To determine whether convalescent plasma therapy is a cure or prophylaxis, we first need to understand the definition of a cure. A cure is defined as a permanent solution or remedy that provides a full recovery from disease. However, a treatment is defined as the improvement in a patients’ condition, enabling them to fight the disease. A cure is viewed from a perspective of prevention, treatment, and eradication while a treatment can be experimental or approved, and approved treatment is only part of the cure. In the history of infectious diseases, only smallpox and rinderpest have been successfully eradicated [13], [14]. In this context, convalescent plasma therapy is a treatment rather than a cure that could also be applied as a preventive measure.

In viral infections such as COVID-19, where specific anti-SARS-CoV-2 treatment is lacking, and a vaccine projected to be 1 year away from routine use, convalescent plasma therapy could help change the course of this pandemic. However, one needs to address the challenges to this approach; first, convalescent plasma remains an empirical treatment, meaning that it is based on clinicians’ cumulative experience in handling the cases. Additionally, as an empirical treatment, it also means that large-scale, randomized, and well-designed clinical trials are lacking.

Challenges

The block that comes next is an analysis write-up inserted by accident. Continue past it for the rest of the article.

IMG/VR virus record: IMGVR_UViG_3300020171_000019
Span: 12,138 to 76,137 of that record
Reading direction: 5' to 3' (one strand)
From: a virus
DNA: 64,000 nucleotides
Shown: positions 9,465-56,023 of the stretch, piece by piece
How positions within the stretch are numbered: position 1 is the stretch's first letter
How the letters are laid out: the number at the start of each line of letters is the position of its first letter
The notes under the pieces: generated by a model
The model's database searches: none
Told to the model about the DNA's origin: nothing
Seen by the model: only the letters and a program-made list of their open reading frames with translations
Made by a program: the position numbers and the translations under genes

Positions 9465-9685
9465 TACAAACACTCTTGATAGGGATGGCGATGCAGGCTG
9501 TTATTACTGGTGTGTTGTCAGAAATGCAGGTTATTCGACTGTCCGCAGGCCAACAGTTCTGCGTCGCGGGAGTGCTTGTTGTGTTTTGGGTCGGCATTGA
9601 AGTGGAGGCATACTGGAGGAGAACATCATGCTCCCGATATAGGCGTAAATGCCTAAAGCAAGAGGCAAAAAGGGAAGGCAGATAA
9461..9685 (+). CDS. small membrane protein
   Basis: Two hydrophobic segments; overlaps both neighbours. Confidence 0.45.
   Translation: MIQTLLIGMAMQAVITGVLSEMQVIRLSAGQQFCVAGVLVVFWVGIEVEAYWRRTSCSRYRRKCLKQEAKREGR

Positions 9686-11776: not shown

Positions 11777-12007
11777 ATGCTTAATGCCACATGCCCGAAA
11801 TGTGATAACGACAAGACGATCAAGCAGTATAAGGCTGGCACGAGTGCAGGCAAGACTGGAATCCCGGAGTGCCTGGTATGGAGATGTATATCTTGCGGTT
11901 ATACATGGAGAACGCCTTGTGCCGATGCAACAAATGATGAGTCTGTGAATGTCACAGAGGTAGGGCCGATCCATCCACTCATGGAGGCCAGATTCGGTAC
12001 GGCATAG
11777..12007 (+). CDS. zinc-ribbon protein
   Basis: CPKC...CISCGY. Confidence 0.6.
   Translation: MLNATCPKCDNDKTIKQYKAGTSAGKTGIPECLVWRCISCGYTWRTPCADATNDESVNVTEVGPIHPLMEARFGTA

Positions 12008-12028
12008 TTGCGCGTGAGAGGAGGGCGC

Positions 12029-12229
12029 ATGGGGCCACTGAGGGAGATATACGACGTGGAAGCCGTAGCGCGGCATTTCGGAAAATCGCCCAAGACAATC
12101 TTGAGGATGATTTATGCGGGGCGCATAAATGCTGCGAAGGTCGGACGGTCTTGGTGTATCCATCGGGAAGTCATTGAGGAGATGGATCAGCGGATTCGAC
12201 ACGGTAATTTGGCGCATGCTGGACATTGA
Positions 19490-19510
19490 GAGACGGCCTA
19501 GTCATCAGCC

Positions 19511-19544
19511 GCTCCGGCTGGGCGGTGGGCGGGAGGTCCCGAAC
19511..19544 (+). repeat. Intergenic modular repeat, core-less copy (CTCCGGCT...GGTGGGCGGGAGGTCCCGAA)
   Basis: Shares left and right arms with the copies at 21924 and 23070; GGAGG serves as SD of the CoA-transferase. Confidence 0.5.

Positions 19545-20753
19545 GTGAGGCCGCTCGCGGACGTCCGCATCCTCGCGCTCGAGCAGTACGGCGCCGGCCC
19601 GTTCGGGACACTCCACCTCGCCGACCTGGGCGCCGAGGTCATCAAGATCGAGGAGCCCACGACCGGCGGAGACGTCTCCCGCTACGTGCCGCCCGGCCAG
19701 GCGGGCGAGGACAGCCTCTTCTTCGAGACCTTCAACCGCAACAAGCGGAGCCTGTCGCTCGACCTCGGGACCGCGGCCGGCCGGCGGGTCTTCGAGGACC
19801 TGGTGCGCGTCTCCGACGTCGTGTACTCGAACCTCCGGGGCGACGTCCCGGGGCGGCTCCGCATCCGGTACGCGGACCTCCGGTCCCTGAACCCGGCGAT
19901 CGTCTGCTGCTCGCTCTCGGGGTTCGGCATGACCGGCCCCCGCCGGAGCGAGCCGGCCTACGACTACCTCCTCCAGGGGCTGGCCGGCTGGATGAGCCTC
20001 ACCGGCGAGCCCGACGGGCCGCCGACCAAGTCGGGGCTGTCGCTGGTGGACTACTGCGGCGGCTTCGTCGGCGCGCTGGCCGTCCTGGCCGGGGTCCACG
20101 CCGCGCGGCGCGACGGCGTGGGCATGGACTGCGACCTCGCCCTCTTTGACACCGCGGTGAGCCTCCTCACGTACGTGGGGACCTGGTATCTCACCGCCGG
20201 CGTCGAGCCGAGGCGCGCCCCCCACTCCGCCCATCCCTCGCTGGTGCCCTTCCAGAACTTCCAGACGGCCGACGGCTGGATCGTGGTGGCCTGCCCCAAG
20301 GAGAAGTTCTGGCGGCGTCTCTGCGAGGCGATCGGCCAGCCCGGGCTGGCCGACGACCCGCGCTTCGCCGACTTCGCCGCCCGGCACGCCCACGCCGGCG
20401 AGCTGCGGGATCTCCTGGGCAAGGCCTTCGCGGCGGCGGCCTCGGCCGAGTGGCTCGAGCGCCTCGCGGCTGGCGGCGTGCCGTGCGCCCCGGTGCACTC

There is a legitimate concern as to how the increasing needs of convalescent plasma could be met during pandemics. A potential solution to increased demand for convalescent plasma in the context of a pandemic is the creation of infection-specific banks of convalescent plasma, where donors’ eligibility criteria is well-defined and standardized protocols for plasma collection and storage are applied. Raising public awareness about plasma donation is important to support the creation of such banks in terms of recruiting donors, and attracting funds necessary to sustain this endeavor. Most protocols advocate that donation should be made within 28 days of symptom onset, and 14 days postrecovery. This time window ensures the absence of the virus and the presence of high titers of antiviral antibodies. In countries where the number of positive cases outweighs the recovered ones, securing a sufficient pool of convalescent plasma could be a difficult endeavor but one that could be overcome by isolation and purification of the antibodies from convalescent plasma, for manufacture, and mass production. A benefit of this approach is that patients could be treated with a controlled dosage regimen.